The Country Has Racked Up $1 Trillion In Credit Card Debt

We haven't had this much credit card debt since 2008.

Americans now owe more than a trillion dollars in credit card debt — the first time the national credit card bill has crossed the trillion-dollar mark since 2008.

Credit cards are now the third category of consumer lending to top a trillion dollars, after car loans and student debt. The numbers were released in a batch of Federal Reserve data on Friday.

While debt is at a historic high, people don't yet seem to be struggling to repay their cards. The rate of deliquencies, meaning people late on payments, fell to historic lows in the final months of 2016, according to the American Bankers Association. Just 2.69% of all accounts were delinquent, well below the 15-year average of 3.66%.

"I think it’s a good sign," Chris Low, chief economist with FTN Financial, told BuzzFeed News. "You need a little credit growth or you don't have economic growth. As long as it's not excessive, you're fine. At the moment there are no indications that it's excessive."

Low said the nation's rise in credit card debt is a result of changing consumer behavior after the 2008 recession. Before the recession, home equity loans were a cheap and popular method of borrowing. That changed after the housing crisis made them much more difficult to get — and people became much more cautious about borrowing against the value of their homes.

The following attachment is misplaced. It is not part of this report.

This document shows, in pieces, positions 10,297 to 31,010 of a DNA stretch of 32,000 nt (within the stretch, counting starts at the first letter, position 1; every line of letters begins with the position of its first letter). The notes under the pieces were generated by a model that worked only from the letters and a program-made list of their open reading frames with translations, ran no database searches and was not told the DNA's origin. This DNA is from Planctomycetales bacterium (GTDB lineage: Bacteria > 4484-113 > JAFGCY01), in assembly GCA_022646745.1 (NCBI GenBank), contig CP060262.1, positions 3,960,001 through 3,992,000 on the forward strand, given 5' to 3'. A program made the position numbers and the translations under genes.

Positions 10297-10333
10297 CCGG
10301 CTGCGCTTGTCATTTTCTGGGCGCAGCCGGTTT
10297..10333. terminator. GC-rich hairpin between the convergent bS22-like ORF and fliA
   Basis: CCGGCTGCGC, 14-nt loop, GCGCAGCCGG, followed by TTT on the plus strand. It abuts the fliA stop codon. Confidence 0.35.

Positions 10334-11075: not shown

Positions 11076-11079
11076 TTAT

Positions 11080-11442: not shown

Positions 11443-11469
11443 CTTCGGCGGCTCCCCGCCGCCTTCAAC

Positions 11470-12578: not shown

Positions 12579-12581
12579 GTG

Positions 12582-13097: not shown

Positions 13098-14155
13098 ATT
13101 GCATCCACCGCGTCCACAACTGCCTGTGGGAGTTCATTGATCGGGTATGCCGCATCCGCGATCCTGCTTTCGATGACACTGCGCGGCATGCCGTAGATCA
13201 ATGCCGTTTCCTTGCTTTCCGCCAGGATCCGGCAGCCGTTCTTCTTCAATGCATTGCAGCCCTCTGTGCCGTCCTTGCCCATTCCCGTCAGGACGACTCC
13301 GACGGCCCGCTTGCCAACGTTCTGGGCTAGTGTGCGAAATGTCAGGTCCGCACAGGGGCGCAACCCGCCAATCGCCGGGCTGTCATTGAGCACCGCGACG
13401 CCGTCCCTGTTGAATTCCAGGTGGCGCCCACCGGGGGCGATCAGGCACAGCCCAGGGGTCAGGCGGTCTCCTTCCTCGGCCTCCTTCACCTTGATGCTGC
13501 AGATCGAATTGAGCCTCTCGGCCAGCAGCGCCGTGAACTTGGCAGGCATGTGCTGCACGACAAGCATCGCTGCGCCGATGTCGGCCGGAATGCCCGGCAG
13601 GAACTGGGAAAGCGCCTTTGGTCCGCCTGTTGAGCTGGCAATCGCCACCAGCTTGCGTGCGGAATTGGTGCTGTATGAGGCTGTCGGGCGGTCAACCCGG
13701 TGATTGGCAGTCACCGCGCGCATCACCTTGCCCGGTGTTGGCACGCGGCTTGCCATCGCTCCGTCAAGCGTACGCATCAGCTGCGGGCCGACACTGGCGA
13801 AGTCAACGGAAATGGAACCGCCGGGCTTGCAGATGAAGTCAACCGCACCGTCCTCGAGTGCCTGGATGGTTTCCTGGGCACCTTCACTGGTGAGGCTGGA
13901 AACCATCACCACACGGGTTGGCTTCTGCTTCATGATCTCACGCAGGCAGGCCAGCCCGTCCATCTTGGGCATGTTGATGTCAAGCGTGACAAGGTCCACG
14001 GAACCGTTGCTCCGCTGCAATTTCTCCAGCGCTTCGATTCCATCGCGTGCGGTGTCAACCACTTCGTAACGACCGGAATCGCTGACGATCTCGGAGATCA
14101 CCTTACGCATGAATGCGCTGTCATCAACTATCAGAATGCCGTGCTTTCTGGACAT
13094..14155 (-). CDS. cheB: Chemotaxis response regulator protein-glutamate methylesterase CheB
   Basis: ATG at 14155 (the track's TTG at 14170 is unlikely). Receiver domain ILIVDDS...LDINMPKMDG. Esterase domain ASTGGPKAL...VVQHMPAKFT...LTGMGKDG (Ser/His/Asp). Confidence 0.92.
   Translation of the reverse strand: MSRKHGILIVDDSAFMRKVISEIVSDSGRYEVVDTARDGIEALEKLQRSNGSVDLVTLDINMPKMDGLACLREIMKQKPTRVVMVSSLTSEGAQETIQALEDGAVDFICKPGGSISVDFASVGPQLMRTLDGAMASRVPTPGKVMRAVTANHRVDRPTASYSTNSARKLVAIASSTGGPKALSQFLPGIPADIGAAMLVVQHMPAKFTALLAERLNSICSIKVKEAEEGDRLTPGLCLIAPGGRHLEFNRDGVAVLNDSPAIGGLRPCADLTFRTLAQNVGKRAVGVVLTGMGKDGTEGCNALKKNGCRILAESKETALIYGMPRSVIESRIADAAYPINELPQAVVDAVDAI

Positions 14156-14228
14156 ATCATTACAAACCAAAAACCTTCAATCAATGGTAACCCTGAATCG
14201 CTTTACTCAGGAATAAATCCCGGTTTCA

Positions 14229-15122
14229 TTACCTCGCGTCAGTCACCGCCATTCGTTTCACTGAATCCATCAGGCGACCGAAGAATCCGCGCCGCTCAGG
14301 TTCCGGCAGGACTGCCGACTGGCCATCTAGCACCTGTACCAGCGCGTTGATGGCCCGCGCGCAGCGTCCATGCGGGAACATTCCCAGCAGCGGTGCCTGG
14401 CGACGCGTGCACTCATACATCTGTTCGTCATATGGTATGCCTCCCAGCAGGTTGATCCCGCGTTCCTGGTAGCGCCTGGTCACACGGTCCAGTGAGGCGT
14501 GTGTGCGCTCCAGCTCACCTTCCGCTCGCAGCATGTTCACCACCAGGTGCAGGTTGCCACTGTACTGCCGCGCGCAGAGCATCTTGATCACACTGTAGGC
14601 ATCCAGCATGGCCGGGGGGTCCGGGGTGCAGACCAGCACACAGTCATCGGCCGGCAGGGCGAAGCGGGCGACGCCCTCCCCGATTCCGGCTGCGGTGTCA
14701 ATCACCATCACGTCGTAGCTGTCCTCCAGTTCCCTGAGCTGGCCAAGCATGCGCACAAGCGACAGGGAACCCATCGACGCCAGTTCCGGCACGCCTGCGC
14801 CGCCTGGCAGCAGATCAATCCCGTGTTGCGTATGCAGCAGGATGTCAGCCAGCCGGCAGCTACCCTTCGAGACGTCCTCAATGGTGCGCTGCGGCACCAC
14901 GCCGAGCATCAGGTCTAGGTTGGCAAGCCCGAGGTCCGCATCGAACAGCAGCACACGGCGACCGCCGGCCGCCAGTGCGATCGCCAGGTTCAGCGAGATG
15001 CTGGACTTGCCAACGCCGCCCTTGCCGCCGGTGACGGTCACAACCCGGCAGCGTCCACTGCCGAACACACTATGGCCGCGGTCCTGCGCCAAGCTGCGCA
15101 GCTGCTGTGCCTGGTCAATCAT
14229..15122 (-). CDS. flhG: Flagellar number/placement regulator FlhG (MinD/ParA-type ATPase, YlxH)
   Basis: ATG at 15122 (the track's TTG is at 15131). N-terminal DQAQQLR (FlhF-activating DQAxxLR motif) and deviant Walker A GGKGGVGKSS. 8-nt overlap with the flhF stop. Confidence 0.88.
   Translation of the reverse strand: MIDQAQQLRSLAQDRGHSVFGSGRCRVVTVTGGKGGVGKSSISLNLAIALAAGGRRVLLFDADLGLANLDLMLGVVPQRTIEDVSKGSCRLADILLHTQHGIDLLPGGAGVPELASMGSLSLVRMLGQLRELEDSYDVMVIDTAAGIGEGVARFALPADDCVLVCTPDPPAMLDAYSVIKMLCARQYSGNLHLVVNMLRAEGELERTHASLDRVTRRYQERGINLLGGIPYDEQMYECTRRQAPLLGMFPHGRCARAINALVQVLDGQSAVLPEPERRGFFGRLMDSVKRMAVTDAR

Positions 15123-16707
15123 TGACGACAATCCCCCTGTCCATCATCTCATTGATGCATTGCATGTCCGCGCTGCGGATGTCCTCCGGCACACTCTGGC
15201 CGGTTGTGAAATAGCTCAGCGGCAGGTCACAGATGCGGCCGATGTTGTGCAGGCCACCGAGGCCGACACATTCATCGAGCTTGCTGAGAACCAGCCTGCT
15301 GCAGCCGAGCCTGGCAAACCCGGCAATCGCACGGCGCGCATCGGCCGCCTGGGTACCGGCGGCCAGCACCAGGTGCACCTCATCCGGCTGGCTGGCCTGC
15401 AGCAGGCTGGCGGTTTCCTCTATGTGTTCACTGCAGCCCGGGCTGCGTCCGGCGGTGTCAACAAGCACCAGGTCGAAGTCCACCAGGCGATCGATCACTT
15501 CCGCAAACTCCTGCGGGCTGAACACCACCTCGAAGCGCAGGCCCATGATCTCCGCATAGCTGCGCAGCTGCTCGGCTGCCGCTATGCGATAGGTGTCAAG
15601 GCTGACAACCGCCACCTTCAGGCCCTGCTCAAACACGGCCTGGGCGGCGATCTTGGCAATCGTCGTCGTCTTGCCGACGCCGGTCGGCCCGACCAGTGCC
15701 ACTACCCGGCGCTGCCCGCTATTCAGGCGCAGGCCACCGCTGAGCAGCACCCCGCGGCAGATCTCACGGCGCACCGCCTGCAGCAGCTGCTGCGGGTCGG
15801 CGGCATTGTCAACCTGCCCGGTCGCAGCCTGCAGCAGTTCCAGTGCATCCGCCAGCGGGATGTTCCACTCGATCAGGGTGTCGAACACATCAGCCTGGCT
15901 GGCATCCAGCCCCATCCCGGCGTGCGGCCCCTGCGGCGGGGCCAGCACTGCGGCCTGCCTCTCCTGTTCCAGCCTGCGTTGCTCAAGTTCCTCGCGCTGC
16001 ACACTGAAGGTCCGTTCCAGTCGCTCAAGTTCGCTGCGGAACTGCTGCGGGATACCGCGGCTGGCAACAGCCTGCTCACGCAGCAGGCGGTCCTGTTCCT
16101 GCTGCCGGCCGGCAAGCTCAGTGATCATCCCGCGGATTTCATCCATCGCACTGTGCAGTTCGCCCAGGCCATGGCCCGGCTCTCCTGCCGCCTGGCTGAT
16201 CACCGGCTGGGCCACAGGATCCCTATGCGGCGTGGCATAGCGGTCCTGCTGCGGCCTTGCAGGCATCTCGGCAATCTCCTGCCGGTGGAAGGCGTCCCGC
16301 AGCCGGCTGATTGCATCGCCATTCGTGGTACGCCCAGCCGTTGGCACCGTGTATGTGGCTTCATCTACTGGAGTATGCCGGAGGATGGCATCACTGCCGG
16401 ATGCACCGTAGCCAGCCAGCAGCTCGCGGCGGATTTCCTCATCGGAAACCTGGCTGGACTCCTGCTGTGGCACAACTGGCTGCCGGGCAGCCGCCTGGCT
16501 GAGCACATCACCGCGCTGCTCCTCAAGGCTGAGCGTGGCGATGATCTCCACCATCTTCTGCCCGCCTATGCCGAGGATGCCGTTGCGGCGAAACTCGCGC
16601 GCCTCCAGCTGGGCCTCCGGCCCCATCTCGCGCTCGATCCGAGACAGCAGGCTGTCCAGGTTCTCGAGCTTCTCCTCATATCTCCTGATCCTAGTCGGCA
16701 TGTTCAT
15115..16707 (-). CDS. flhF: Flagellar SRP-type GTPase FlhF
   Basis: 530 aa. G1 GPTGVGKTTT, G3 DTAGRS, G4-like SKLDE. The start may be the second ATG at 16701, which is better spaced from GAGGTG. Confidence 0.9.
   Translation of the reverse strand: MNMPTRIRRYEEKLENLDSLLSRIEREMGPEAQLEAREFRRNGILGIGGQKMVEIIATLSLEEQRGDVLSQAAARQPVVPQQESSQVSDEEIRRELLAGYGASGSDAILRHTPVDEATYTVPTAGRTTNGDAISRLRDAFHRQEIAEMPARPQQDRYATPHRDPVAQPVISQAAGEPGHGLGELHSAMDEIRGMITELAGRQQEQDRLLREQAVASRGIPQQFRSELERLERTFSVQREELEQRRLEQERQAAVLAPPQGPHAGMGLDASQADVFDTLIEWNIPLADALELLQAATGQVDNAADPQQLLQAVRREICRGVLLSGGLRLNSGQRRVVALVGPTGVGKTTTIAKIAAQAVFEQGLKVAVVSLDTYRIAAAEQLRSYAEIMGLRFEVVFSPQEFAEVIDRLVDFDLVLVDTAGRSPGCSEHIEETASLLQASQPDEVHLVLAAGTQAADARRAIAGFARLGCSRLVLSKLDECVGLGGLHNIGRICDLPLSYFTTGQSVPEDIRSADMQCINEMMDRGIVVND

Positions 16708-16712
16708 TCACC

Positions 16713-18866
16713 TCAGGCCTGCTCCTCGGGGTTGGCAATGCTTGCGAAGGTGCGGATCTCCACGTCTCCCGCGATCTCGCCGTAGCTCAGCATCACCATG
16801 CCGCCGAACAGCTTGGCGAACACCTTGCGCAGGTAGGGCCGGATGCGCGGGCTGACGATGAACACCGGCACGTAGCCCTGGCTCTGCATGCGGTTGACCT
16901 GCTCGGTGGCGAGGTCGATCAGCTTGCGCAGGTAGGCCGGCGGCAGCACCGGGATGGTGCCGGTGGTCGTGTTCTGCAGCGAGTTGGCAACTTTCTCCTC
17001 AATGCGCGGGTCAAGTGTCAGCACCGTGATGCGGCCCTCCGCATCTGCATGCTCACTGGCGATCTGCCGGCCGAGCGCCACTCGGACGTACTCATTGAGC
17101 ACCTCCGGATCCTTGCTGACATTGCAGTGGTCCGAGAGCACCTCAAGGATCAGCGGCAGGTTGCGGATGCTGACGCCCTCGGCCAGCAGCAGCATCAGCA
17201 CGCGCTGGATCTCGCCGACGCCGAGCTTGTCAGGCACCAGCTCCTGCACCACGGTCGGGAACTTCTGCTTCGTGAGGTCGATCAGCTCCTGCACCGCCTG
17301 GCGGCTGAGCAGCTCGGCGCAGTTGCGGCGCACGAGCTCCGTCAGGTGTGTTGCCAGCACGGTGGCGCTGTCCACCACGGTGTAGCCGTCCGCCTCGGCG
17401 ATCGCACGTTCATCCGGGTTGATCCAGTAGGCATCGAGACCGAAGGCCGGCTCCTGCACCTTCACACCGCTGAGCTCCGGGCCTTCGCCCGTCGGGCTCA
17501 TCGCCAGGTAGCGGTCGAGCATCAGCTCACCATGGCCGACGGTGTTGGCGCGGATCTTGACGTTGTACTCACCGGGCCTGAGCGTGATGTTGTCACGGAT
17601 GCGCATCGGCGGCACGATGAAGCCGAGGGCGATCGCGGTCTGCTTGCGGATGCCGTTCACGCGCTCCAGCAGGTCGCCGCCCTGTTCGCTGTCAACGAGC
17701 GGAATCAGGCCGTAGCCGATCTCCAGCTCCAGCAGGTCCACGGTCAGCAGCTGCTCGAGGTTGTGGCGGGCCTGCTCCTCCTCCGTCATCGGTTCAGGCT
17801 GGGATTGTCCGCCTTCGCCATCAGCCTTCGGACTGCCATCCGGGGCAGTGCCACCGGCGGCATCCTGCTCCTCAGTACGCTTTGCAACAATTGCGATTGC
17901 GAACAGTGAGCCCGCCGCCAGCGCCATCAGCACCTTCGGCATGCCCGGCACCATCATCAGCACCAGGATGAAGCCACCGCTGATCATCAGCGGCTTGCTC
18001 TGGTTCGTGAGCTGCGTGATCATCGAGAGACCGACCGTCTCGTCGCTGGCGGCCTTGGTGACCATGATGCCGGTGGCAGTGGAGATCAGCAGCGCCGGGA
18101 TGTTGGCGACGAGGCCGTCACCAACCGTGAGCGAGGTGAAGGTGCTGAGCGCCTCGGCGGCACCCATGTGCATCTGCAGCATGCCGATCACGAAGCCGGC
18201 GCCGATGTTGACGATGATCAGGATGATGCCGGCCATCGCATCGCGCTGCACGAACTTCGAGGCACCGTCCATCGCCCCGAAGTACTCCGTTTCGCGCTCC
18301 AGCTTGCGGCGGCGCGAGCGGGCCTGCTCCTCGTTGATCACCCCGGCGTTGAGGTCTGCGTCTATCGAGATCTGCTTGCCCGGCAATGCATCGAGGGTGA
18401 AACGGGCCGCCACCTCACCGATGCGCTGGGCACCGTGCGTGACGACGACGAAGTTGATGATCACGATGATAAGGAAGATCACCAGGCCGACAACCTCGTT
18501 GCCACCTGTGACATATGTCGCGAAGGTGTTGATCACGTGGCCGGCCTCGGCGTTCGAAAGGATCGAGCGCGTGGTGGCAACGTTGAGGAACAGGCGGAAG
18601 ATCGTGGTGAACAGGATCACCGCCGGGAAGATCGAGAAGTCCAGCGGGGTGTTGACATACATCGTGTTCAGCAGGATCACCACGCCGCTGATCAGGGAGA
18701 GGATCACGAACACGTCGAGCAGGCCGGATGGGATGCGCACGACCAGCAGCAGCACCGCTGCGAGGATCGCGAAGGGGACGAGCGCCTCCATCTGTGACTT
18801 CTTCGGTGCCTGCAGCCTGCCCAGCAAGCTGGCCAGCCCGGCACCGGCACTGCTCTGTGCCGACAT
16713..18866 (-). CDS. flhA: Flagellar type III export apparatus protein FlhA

Consumers are also in a more stable financial position than they were even before 2008, said Low. Their debt-to-income ratio is three percentage points lower than it was even before the recession, according to the Federal Reserve.

"My sense is we’re carrying a little more debt but we’re being a lot more responsible with it than we were 10 years ago," said Low.

Mike Calhoun, the president of the Center for Responsible Lending, told BuzzFeed News that the record levels of credit card debt shows that financial regulations introduced after the 2008 crisis did not kill the market for consumer lending, as the industry and some government officials believed they would.

"Everyone believes that having common sense rules for the road makes sense for the market," said Calhoun. "We dramatically improved the credit card market and it did not cut off access to credit, which is the big cry today."

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